Probably the most common cause of acute lameness in horses, hoof abscesses can appear without warning. One day your horse is sound, the next she’s crippled, but there’s no apparent injury. The likely cause is a hoof abscess, a pimple-like infection. Abscesses are most often caused by the entrance of bacteria into the hoof through penetrating wounds, hoof cracks, and even “close” horseshoeing nails, but a wider variety of issues — anything that weakens the integrity between the sole and hoof wall makes it easier for bacteria to invade or that causes internal injuries — can contribute to the development of an abscess. These additional potential factors include the cycling between wet and dry environmental conditions, poor hoof conformation or balance, ground conditions, bruising (the hemorrhaging area is conducive to bacterial reproduction), hot-fitting a shoe on a very thin sole, hoof wall defects, digital instability and systemic infections.
Hoof abscesses cause pain through a buildup of pressure associated with the accumulation of pus from the infection and the fact that the hoof wall is rigid and cannot expand to relieve the pressure. While some may prefer to allow the abscess to rupture on its own, it is best to treat the abscess, get it drained and prevent further contamination with additional treatment that may include antibiotics, anti-inflammatory medications, antiseptic solutions, poultices and soak bandages. The most important aspect of the treatment is establishing appropriate drainage. To do this, we will often try to locate the entry wound and then create drainage through the sole so gravity is on our side and will assist with drawing out the pus. Left untreated, the infection associated with the abscess can travel up the hoof wall and destroy sensitive structures within your horse’s hoof. The resulting damage can lead to more permanent lameness. With proper treatment, progressive improvement should be observed on a daily basis. If such improvement is not observed, additional diagnostics may be necessary to determine the true cause of your horse’s infection and resulting lameness.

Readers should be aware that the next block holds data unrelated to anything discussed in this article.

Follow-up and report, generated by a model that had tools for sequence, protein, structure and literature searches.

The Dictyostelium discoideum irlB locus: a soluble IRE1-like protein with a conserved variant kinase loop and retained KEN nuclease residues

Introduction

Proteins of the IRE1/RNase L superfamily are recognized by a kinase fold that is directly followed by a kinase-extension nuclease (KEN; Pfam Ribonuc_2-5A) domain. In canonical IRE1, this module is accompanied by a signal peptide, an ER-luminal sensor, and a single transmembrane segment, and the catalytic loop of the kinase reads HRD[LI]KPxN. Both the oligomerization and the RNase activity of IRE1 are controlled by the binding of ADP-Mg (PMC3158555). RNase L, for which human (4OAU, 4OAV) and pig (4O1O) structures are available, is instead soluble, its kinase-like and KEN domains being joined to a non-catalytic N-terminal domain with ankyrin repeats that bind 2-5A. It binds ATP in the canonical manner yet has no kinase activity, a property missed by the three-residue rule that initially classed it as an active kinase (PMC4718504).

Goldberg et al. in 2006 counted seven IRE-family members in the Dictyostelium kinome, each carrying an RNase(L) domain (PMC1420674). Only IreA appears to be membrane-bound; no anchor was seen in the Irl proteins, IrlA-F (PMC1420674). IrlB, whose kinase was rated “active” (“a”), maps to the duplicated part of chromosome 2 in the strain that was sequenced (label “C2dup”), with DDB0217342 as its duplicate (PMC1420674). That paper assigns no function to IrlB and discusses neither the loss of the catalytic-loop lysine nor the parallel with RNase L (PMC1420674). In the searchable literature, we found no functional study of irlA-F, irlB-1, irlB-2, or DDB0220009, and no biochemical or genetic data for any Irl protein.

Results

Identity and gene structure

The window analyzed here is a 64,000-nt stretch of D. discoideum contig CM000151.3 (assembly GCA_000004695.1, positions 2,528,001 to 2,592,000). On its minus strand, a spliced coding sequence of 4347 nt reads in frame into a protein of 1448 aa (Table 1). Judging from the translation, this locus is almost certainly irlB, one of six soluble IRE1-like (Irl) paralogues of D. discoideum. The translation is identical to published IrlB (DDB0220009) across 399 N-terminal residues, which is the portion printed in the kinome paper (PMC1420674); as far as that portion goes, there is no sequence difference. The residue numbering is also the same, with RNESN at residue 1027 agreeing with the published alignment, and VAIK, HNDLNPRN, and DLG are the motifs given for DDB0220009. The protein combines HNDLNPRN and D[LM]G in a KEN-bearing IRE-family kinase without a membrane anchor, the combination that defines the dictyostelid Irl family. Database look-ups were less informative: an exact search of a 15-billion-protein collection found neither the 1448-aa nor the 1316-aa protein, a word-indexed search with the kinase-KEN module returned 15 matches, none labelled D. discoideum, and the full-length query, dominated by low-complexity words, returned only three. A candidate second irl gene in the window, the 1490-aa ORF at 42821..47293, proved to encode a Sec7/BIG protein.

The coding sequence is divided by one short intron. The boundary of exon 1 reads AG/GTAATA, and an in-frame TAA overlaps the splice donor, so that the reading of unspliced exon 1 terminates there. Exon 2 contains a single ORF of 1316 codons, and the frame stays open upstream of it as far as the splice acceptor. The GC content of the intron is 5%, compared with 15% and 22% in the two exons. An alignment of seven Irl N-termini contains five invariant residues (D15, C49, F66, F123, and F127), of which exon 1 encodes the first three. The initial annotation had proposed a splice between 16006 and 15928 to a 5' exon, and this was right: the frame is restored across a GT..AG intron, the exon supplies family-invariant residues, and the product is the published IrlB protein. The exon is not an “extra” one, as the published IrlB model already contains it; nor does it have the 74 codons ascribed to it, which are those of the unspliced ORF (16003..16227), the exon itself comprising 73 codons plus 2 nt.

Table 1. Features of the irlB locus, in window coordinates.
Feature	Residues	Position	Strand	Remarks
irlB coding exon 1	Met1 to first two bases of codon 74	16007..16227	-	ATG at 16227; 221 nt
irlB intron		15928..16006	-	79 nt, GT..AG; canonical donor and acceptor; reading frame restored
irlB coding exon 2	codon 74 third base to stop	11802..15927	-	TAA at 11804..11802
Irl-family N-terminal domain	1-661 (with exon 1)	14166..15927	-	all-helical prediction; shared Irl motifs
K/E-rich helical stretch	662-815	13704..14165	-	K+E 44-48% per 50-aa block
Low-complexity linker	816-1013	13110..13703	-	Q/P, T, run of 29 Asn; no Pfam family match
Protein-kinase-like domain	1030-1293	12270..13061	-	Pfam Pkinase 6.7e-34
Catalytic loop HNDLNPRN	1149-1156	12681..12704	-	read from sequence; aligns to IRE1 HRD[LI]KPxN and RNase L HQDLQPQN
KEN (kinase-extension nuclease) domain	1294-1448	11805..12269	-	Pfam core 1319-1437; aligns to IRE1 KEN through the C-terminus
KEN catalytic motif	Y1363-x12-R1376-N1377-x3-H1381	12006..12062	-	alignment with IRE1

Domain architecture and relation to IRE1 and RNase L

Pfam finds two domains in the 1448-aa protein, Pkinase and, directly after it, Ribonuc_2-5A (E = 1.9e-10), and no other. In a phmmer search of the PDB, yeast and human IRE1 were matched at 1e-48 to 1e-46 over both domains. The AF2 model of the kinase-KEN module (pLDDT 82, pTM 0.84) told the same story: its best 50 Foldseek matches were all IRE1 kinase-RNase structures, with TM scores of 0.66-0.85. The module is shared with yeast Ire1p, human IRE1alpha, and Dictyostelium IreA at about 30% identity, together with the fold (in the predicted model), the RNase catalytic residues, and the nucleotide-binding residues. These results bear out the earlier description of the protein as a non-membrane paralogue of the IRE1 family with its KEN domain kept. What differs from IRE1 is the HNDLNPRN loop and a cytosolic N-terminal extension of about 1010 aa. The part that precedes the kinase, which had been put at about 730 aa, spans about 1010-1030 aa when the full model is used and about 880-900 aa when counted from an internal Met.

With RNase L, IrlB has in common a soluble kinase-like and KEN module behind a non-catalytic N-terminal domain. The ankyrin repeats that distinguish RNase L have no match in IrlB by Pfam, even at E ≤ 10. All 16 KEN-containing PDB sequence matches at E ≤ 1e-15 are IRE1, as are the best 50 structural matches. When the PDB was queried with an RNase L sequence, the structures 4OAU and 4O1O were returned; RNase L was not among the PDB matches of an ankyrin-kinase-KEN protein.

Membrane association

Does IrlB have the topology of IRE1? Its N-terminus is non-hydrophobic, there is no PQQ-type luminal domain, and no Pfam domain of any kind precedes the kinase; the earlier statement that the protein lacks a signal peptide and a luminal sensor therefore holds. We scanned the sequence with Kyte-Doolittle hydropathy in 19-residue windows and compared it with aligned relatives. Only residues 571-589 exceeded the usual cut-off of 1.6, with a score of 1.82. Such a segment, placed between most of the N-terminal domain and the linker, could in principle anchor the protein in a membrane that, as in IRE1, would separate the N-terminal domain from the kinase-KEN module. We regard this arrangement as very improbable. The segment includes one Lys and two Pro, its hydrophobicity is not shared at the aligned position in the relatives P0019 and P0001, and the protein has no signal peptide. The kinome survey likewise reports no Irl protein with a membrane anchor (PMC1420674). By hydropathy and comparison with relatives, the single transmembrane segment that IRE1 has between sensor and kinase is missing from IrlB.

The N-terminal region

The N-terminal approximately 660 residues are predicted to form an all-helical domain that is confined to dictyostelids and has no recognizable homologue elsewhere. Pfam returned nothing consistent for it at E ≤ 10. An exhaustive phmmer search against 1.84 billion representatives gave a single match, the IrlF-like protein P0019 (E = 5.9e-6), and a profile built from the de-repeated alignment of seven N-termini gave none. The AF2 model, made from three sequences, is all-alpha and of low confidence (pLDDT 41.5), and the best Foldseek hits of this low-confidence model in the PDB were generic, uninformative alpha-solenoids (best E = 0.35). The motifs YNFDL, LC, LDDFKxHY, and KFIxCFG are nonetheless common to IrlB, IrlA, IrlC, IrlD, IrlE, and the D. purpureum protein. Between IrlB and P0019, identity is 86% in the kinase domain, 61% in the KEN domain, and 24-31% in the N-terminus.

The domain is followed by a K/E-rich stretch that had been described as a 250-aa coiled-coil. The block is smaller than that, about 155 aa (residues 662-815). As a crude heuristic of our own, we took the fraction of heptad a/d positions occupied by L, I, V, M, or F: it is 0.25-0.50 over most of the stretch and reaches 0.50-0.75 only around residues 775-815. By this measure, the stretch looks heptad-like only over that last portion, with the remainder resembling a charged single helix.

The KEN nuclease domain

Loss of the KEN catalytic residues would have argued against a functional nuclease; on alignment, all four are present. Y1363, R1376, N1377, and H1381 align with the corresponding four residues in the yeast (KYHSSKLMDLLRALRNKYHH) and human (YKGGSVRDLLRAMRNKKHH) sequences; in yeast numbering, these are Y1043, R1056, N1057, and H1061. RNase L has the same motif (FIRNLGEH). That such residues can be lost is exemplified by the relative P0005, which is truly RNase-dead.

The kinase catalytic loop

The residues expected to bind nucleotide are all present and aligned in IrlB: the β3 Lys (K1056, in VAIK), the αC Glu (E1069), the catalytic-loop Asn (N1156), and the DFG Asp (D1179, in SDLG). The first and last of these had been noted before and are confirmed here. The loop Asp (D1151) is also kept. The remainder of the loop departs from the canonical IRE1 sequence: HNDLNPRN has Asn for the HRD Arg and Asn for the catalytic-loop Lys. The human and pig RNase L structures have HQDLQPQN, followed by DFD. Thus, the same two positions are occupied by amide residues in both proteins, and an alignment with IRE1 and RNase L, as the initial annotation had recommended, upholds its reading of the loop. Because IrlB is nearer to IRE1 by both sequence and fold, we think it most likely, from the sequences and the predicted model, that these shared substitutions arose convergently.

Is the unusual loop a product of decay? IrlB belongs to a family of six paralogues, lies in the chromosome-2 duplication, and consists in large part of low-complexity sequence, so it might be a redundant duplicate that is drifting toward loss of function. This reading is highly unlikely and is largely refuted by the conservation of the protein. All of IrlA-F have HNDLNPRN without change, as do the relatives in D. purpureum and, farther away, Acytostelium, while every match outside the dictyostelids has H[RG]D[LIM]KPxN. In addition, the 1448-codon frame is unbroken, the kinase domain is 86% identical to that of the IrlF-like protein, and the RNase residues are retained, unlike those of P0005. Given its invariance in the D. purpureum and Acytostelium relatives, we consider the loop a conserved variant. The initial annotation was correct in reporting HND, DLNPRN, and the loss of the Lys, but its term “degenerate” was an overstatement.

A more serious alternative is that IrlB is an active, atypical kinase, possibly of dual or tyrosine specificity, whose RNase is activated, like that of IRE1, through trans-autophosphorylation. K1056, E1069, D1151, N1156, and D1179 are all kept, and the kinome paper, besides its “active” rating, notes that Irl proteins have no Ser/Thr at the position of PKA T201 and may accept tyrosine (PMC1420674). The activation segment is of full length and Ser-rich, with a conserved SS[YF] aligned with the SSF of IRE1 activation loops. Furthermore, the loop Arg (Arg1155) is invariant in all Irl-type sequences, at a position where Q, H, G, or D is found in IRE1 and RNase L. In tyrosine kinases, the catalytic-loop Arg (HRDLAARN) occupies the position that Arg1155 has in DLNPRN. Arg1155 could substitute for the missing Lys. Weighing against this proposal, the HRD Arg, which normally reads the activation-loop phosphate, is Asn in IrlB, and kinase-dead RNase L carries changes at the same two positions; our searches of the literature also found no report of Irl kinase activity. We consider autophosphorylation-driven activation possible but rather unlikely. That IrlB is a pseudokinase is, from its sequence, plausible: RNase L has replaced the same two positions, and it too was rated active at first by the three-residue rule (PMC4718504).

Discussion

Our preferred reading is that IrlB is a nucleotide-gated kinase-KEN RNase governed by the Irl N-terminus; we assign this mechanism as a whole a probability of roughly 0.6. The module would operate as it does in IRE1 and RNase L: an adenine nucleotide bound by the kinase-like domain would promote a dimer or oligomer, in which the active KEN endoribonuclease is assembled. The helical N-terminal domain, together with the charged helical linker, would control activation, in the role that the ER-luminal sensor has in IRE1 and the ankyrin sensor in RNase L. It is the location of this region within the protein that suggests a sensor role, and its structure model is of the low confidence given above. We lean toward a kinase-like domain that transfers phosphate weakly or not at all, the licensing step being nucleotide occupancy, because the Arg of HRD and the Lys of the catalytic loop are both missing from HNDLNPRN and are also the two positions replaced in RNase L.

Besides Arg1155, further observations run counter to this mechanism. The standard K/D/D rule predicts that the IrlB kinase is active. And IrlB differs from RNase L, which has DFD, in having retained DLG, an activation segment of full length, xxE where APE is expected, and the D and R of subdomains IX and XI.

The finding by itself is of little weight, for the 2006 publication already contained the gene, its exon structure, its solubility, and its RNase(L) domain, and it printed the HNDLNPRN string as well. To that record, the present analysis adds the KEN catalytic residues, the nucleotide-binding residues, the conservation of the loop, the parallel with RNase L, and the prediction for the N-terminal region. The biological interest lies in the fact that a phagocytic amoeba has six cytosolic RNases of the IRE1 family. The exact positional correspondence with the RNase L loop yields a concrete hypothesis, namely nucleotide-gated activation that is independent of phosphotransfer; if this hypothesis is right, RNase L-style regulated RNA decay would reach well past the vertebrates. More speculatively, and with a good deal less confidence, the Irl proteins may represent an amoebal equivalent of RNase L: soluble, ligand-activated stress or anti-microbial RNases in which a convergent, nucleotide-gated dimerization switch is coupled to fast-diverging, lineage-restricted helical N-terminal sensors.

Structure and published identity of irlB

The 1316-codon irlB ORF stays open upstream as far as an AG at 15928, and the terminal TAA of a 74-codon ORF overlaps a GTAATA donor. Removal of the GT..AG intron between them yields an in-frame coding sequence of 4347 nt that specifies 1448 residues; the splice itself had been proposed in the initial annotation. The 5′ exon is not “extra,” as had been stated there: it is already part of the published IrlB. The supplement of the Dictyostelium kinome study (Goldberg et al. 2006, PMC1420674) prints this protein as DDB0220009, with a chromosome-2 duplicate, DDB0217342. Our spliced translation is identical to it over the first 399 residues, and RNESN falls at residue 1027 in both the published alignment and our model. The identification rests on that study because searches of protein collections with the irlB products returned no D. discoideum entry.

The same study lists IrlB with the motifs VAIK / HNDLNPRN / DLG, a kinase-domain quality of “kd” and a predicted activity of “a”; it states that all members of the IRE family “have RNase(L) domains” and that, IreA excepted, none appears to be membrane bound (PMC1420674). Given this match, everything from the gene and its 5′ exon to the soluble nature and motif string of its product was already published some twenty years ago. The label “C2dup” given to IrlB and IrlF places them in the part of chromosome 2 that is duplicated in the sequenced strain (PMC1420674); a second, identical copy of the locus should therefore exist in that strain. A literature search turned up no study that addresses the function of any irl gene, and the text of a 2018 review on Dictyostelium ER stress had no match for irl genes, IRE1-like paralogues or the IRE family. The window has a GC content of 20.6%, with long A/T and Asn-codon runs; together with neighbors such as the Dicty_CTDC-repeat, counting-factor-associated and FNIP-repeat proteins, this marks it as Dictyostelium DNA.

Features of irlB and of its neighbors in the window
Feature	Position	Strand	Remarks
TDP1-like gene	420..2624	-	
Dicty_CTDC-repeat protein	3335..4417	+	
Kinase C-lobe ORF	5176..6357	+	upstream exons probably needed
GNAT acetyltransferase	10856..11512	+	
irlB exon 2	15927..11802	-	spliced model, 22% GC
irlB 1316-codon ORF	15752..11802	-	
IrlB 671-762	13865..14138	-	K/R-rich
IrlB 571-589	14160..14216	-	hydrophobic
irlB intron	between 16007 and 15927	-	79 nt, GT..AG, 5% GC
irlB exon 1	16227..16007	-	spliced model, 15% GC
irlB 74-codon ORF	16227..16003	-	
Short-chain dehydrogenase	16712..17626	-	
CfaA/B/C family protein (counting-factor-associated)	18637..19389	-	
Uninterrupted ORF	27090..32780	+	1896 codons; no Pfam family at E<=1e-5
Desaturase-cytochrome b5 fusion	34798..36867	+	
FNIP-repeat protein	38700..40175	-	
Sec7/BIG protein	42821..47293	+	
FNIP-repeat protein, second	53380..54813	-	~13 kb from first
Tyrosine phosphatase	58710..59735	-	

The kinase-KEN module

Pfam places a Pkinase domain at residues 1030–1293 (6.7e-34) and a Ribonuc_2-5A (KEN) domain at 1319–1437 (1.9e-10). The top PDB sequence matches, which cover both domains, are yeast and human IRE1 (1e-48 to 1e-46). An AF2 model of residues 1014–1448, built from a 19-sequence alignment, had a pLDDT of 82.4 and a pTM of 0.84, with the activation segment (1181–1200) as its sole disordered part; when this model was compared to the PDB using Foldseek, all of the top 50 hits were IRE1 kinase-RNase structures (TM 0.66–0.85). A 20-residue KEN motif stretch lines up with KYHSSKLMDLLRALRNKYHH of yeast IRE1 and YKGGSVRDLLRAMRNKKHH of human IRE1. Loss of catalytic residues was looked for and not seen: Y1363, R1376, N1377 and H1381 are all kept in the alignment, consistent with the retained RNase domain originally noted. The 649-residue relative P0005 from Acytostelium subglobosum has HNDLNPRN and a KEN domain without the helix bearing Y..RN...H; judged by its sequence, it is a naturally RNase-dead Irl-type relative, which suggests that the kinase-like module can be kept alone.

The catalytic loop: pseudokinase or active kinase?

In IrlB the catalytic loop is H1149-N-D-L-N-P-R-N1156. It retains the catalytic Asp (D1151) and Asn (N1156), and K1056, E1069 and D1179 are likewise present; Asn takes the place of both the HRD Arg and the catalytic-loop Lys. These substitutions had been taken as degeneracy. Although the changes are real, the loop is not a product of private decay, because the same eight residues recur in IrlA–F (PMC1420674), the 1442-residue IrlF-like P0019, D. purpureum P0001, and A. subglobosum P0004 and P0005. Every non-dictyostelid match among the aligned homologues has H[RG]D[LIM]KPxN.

Prognosis following treatment depends on the tissues involved and the severity of the infection. Those infections that have remained largely superficial have a much better prognosis than those that have been allowed to involve other structures such as the coffin or navicular bone, navicular bursa, coffin joint, collateral cartilages or tendon sheath.
It may not be possible to prevent all abscesses, but good hoof care will go a long way toward that end. Good hoof care should develop a snug and uniform junction at the sole wall while leaving adequate sole for protection. Routine farrier care and frequent hoof cleaning to remove rocks and debris are also important preventive measures. Being proactive will help protect the soundness of your horse and avoid the pain associated with abscesses.